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Feature
Glam
Where Are We Now?

‘Glam was always more than a visual style, and can be meaningfully understood as an attitude or state of mind, its expression inseparable from its cultural and societal context.’
Darren Pih, curator of Glam! The Performance of Style.


Ever since David Bowie’s airwave-shaking, pre-breakfast announcement that he was releasing his first single in a decade, ‘Where Are We Now’, the precursor to the beautiful The Next Day album, the scene was set to celebrate not just Bowie, but the performative, playful and daftly posturing side of pop he helped to create.


It’s perhaps no coincidence that recent months have ushered in a glittery wave of nostalgia for all things glam, and a much deserved look back on the pop music and style of the early 70s.  Alongside Bowie’s musical return, there’s the V&A’s stunning Bowie Is! exhibition (the fasting pre-selling show of the museum’s history); Tate Liverpool's exhaustive Glam! The Performance of Style show; the National Gallery’s late works by Richard Hamilton (while not a strictly ‘glammy’ artist, Hamilton was a huge influence on Roxy Music, having tutored and mentored Bryan Ferry at Newcastle University); Biba at Brighton Pavilion, as well as countless smaller celebrations of the era’s visual culture.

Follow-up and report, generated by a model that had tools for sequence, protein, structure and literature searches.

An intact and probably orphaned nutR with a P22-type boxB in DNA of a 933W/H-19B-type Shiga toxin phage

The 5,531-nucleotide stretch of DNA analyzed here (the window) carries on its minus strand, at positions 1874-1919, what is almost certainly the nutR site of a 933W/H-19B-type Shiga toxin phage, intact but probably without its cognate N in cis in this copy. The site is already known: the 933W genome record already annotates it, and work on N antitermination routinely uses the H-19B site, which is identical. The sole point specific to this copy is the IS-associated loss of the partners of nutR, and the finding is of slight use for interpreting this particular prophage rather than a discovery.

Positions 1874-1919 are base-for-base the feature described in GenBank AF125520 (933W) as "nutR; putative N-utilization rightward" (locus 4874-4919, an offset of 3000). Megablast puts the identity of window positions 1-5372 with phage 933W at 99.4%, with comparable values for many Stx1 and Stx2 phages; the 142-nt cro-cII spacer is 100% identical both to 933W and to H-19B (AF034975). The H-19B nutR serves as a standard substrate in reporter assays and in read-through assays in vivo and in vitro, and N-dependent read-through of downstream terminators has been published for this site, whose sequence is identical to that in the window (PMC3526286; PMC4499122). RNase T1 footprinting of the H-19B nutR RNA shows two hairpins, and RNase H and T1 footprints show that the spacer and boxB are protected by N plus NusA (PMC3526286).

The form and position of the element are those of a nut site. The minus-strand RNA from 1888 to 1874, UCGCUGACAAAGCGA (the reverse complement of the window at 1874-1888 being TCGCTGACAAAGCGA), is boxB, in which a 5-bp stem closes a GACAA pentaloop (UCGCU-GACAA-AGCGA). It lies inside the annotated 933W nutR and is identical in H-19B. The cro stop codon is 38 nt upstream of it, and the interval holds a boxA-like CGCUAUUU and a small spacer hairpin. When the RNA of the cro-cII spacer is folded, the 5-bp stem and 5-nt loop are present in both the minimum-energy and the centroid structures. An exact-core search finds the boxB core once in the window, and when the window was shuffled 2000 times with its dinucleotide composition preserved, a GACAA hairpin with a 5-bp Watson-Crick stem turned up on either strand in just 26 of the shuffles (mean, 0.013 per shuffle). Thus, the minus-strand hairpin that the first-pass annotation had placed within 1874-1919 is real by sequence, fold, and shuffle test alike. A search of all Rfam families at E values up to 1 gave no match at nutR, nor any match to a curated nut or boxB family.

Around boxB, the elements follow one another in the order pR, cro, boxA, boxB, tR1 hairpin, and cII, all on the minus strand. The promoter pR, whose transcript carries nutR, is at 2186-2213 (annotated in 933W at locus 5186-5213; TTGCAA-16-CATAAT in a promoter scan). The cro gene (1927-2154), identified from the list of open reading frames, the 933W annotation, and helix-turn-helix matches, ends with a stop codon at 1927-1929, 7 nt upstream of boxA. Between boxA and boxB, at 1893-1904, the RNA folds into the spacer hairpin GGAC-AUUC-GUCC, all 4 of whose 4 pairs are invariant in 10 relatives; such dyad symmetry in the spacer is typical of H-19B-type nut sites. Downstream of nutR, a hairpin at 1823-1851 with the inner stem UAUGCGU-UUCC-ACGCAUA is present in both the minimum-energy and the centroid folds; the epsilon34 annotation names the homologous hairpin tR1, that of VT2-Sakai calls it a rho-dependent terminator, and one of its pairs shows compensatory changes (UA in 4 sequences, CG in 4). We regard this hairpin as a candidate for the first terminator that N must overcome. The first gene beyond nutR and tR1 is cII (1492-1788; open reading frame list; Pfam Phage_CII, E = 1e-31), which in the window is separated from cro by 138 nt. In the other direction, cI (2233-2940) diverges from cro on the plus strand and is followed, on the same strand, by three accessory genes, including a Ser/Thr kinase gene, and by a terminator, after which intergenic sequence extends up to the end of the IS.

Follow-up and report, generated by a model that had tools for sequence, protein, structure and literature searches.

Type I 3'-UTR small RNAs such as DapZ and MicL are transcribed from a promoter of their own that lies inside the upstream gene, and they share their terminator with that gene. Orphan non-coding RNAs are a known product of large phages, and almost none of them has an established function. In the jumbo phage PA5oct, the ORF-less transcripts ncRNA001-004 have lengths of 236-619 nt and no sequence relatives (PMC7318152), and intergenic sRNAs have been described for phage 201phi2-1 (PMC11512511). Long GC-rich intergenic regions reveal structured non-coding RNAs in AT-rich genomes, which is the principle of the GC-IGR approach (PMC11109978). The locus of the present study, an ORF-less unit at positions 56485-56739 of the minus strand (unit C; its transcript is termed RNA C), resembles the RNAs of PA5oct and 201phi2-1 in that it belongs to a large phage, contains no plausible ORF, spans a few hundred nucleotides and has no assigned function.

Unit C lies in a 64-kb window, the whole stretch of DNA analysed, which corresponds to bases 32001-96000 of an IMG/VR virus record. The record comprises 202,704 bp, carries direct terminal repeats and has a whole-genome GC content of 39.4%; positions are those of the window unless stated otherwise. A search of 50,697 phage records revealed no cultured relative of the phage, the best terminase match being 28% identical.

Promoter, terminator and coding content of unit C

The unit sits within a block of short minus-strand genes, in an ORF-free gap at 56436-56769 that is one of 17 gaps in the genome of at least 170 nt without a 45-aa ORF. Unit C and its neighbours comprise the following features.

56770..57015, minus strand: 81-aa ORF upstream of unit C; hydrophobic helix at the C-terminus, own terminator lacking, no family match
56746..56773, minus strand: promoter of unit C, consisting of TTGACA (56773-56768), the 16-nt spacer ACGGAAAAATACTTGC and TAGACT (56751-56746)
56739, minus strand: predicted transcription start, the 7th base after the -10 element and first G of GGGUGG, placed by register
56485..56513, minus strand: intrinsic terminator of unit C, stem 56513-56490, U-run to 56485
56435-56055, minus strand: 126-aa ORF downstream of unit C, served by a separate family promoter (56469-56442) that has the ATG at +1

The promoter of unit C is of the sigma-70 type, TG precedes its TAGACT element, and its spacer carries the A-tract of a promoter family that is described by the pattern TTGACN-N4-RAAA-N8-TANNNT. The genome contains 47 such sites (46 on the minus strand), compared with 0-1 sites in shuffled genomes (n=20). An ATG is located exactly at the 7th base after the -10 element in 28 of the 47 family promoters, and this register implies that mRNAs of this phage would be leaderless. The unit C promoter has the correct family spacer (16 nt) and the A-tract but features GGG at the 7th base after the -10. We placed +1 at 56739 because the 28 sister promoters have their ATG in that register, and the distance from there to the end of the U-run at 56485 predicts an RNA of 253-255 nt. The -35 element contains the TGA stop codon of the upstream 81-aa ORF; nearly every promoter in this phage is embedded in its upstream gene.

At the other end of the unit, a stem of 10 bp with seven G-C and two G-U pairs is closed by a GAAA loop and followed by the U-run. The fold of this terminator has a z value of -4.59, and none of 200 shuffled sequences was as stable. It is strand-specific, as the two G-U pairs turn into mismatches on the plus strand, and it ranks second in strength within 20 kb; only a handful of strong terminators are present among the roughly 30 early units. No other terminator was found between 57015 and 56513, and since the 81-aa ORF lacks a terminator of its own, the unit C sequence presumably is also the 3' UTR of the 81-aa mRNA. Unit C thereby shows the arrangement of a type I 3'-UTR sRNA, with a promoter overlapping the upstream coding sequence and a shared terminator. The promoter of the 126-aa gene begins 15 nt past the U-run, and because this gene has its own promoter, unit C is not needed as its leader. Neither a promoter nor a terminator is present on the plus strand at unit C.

The feverish excitement around the Bowie release and the audience for this crop of exhibitions is as much thanks to people in their teens, twenties and thirties as it is to people who remember glam the first time round. Yet the discussions around them almost exclusively look to the past. So to paraphrase Bowie, where are we now?


Taking on the baton from Bowie, Roxy Music, Marc Bolan and Slade et al, today there’s a tight-knit scene around a number of thriving London clubnights such as Glamracket, Some Weird Sin and Suffragette City, packed with people who were barely a glimmer in the eye of the original glam generation.


But what is it about glam that seduces this new generation of be-glittered youngsters?


‘I think it’s the escapism’, says Heidi Heelz, founder of Glamracket and former member of now-defunct Roxy Music tribute band, the brilliantly-named Proxy Music. ‘It’s very glamorous – it's the same reason people are interested in the 1930s and Hollywood. They’re aspiring to be something really sensational.’


When times are hard, people look to their own construction of identity to try and make sense of the world. Or at least, temporarily withdraw from it through a series of self-reinventions.  


‘I wondered if I should try and be me’, we hear Bowie ponder in the V&A show audio guide. ‘Or if I couldn’t cope with that, it was much easier to be someone else.’


It’s no surprise that during times of escalating unemployment, recession, inequality and on a less political note, the torpor of much current chart music, appetites turn to something a little more peculiar, playful and fun.